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Thread: I don't understand...

  1. #1
    Join Date
    Dec 2007
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    Question I don't understand...

    After reading responses to my post (fists of fury), I did go to the provided link to read about overactive letdown. What I don't understand is how only offering one side per feeding will help. If it works, I'm all for trying. I may just be thick, but I don't get it.

  2. #2
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    Default Re: I don't understand...

    how old is baby?
    Is this the link you saw?
    http://www.kellymom.com/bf/supply/fast-letdown.html


    block feeding will help to adust oversupply of milk down to a supply that is more comforatable for baby.

  3. #3
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    Default Re: I don't understand...

    Quote Originally Posted by haven View Post
    After reading responses to my post (fists of fury), I did go to the provided link to read about overactive letdown. What I don't understand is how only offering one side per feeding will help. If it works, I'm all for trying. I may just be thick, but I don't get it.
    Are we talking overactive letdown (MER) or oversupply? Oversupply can be handled with block feeding - while overactive letdown can be handiled with other tecniques...
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  4. #4
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    Default Re: I don't understand...

    Quote Originally Posted by haven View Post
    After reading responses to my post (fists of fury), I did go to the provided link to read about overactive letdown. What I don't understand is how only offering one side per feeding will help. If it works, I'm all for trying. I may just be thick, but I don't get it.
    If it's an oversupply issue, feeding on only one side means that the other side stays full longer. Staying full prompts your breast to make less milk. That helps with having too much milk.

    Feeding on only one side also helps to ensure that your lo gets the proper amount of hindmilk (the thicker, more filling milk that comes at the end of a nursing session). This is a common problem with oversupply, since the baby fills up on the foremilk (thinner, more watery milk) and stops drinking before the hindmilk makes it's appearance.
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  5. #5
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    Default Re: I don't understand...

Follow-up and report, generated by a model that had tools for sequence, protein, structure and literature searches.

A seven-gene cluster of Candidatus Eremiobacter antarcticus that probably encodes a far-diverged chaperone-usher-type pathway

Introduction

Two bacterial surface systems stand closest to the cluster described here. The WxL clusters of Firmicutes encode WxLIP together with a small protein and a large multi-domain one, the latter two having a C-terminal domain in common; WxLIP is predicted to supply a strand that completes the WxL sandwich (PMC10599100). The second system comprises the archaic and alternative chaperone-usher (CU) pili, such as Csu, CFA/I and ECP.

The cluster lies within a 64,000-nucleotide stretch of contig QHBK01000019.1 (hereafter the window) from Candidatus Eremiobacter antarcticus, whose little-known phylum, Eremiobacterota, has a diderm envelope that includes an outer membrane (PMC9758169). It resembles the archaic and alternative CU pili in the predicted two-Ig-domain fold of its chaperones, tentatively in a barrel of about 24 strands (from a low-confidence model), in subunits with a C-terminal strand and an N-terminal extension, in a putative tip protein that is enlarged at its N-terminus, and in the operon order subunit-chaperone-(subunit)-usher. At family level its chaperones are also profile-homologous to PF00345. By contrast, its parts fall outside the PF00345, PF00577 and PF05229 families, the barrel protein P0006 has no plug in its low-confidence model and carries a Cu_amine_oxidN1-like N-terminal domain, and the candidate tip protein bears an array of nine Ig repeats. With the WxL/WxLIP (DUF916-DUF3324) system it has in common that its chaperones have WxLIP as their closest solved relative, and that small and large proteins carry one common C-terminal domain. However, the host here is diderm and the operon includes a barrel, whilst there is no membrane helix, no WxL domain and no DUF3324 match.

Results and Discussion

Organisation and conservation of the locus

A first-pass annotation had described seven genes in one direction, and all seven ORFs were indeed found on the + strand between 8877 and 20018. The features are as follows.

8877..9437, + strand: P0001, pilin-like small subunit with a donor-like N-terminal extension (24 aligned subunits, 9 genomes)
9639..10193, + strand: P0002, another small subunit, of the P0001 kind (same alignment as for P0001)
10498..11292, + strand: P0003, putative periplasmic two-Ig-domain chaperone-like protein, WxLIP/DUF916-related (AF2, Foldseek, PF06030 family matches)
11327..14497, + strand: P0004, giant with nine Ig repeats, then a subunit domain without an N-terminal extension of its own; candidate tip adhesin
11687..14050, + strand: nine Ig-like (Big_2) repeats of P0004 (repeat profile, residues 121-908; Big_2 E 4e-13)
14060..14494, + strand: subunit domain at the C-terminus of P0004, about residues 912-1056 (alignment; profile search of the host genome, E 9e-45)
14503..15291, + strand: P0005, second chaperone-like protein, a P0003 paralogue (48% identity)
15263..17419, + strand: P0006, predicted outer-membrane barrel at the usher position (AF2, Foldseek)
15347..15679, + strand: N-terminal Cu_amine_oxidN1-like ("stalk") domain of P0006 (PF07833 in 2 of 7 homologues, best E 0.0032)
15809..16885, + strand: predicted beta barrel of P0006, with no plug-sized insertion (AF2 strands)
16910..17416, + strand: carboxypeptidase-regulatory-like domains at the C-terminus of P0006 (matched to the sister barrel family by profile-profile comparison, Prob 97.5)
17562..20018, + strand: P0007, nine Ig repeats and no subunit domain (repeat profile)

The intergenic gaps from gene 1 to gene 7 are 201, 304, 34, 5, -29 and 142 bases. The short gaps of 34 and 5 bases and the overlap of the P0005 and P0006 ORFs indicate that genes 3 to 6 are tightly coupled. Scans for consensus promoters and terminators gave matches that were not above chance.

I haven't read fists of fury yet, but I can say that block feeding helps to reduce your overall milk production over time. You see, when milk is left in the breast, a protein in the milk called feedback inhibitor of lactation (FIL) builds up. This sends a signal to the milk producing cells to slow down production. It's not an immediate process, but when milk is left in the breast over time, the production level steadily moves down.

    Additionally, when there is an oversupply, block feeding also helps to assure that baby gets enough hindmilk.

    Here is some great information about how milk production works:
    http://www.kellymom.com/bf/supply/milkproduction.html
    And here is some information about oversupply:
    http://www.lalecheleague.org/FAQ/oversupply.html

    HTH!

  6. #6
    Join Date
    Aug 2007
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    Default Re: I don't understand...

    after dealing with overactive letdown for months, I found it helped that DD started eating from one breast per feeding and she's doing great! Now, at 4 months, she's eating every 2 1/2 to 3 hours. But at night, when it's bedtime, she eats from both 'cause she's going longer without food. I don't know how it works, but it does!

  7. #7
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    Default Re: I don't understand...

    While reducing your milk supply may help with the amount of milk behind your letdown, it will not get rid of the intensity of the letdown. During a letdown the milk is squeezed to the front of the breast by expanding milk ducts. I actually think at 20 days pp you should leave your milk supply alone if it is not the problem.

    Lets focus on ways to manage your let down reflex. Try and keep an eye on a clock when you begin nursing to estimate when your first letdown happens. Maybe is 2 minutes of nursing, may be it is 5. You will know it is a letdown, by tingling, pinching or other constricting sensations in the breast. You may also still be having uterine contractions from your letdown at around 20 days pp. You can also listen for the telltale chug-a-lug noises your baby makes.

    As another poster wrote on your fists of fury thread, removing baby during a letdown and having the milk spray or leak into a cloth diaper is good way to ease some of the pressure to swallow off your baby. Because you have abraded nipples, make certain to break the seal before you remove baby. Never just pull off.
    Last edited by carpentergirl; December 6th, 2007 at 02:46 AM.

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